If you’re visiting during high season, you’ll likely need to arrive at least 2-3 hours early to get one of the most coveted spots. 

For those just wanting to witness the sunrise, aim to arrive to the trailhead 30 minutes before sunrise to ensure a little buffer time so you’re sure not to miss it.

Things like the weather and day of the week will certainly impact the crowds, so keep those factors in mind.

While the coveted space directly in front of the 27-foot-long arch is small and fills up quickly, there are many other great sunrise-viewing vantage points in the immediate vicinity.

Get creative with your photo angles of Mesa Arch

So, don’t fret if you aren’t one of the lucky 13-ish people to get a spot right in front of the arch. You’ll still be in for a huge treat!

And, since the arch often stays illuminated for about an hour or more after sunrise, you’ll likely be able to snag a spot in front of the arch once some of the photographers clear out soon after sunrise. 

Let’s be real, the view of Mesa Arch and its surrounding landscape is absolutely stunning at any time of day. So, if you’re not a morning person, or if you’re not a serious photographer set on getting “the sunrise shot”, consider arriving slightly later. 

Many people will likely start heading back to their cars within 15-45 minutes after the sun rises, thus you’re likely to have better luck getting a parking spot and enjoying a peaceful viewing experience if you arrive at the parking lot at least 45-60 minutes after the stated sunrise time.

Another viewing option to consider is a Mesa Arch sunset. Late afternoon leading up to sunset is a nice time to view Mesa Arch as the sun will be lighting up the arch and the valley from behind you, creating fabulous photo opportunities with minimal glare.

Sunrise at Mesa Arch in Canyonlands National Park

What To Pack For Your Hike To Mesa Arch At Sunrise

  • For all of my photographers out there, bring your best camera and a wide angle or ultra-wide angle lens (the low end of the range should be 12 to 16mm for full-frame cameras and 7 to 10mm on a crop sensor camera) if you want to capture the entirety of the arch. Additionally, you may want another lens that will allow you to zoom in for some cropped image compositions.
  • Extra, fully-charged camera batteries – keep these warm, ideally in a pocket close to your body, to prevent cold temperatures from zapping their charge.
  • A memory card or two with lots of free space.
  • Sturdy tripod – not only is this critical if you’re taking pictures on something other than a smartphone and especially if you plan to shoot in manual mode, but, this is also really helpful to stake out your spot in front of Mesa Arch.
  • Remote shutter release to avoid camera shake and maximize shooting time. If you don’t have a remote shutter release, use the shortest timer setting your camera has.
  • Sturdy hiking shoes or boots – I love my X4 Ultra Salomon Hiking Shoes!
  • Ice grips for your shoes if there’s snow or ice
  • Headlamp with red light function for stargazing while you wait
  • Hat
  • Gloves
  • Layers of warm clothing
  • A warm beverage to enjoy while you wait
  • Water – this almost weightless, foldable, BPA-free water bottle is great for hikes.
  • Snacks
  • Sunscreen (if going after sunrise or exploring more of the park afterward, which you should!)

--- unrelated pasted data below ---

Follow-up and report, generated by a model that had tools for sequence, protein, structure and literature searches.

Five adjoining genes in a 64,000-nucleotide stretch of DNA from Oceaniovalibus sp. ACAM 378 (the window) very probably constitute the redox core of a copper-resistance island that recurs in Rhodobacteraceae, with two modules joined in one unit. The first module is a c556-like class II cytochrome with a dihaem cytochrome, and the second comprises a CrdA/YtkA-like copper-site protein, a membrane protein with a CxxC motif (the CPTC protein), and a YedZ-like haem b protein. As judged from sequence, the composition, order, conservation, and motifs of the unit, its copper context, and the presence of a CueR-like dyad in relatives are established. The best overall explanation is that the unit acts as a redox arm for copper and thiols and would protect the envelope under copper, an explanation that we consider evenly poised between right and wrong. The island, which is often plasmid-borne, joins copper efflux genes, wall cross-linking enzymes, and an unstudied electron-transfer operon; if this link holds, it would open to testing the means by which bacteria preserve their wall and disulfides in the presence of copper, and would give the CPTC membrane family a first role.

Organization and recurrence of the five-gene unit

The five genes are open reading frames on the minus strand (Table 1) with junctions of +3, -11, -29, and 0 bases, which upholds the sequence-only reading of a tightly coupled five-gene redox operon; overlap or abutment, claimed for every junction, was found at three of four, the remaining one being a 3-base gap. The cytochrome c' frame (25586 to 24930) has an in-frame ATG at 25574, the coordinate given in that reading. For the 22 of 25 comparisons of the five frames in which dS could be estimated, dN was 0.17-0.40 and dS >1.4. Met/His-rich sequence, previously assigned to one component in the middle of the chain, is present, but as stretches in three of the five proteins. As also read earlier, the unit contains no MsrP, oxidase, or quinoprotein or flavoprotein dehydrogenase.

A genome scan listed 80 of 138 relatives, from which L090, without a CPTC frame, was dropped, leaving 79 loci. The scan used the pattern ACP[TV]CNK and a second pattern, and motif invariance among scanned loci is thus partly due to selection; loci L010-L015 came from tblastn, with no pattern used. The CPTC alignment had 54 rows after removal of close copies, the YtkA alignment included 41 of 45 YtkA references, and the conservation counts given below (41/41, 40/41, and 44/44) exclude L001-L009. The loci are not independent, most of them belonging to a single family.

• Hand/foot warmers depending on the weather
  • Either something padded to kneel on OR a lightweight camping chair if you want to be extra comfy while you wait
  • Your America The Beautiful National Park Pass and matching ID

Prepare Ahead

Pack your bag the night before so you can get on the road quickly in the morning. Here are some things you want to be sure to do one day in advance:

  • Clear your memory card
  • Charge your batteries
  • Pre-set your camera in your preferred mode and settings – see the next section
  • Clean your camera lens(es)
  • Clean your camera sensor, if needed
  • Ensure your remote shutter release has enough battery and that it’s paired with your camera, as applicable
  • Pack your bag
  • Lay out your clothes
  • Fill up your gas tank
  • Know the sunrise time
  • Check the hourly weather report. Consider using the Clear Outside app to check cloud cover and humidity. 

Camera Settings For Capturing Mesa Arch At Sunrise

The following settings are a starting guideline, but you may need to adjust accordingly as lighting changes.


  • ISO 100-500
  • Aperture F20 or higher (a high F stop will create the sunburst effect when the sun contacts the arch)
  • Shutter Speed around 1/100


  • ISO 100-500
  • Aperture F20 or higher (a high F stop will create the sunburst effect when the sun contacts the arch)
  • Shutter Speed will be set automatically


  • Enable HDR if your phone doesn’t activate HDR automatically

Additional Tips For Your Mesa Arch Sunrise Viewing Experience

  • Check the sunrise location ahead of time. Since the position of the sun changes throughout the year, it’s critical that you know exactly where the sun will be rising over the horizon at the time that you visit. This will allow you to know where to position yourself and where to aim your lens. You can use the apps PhotoPills or The Photographer’s Ephemeris for this. Otherwise, your best bet is to position yourself as close to the center of the arch as possible.
  • Do not climb on Mesa Arch. Sandstone arch formations are incredibly fragile and putting any weight on them may cause serious damage. Not to mention, you may be punished by the National Park Service.
  • Respect others at Mesa Arch. Photographers and nature lovers alike dream of witnessing the sunrise at Mesa Arch, and many visitors to Mesa Arch come specifically to capture the sunrise under the arch in photographs. Thus, be respectful of others’ space and don’t cut in front if you arrive late. Once you’ve taken your pictures, step away to allow someone else the opportunity to get their dream shot. If you want a picture of yourself or your group in front of the arch, wait until after sunrise to avoid getting in other people’s frame.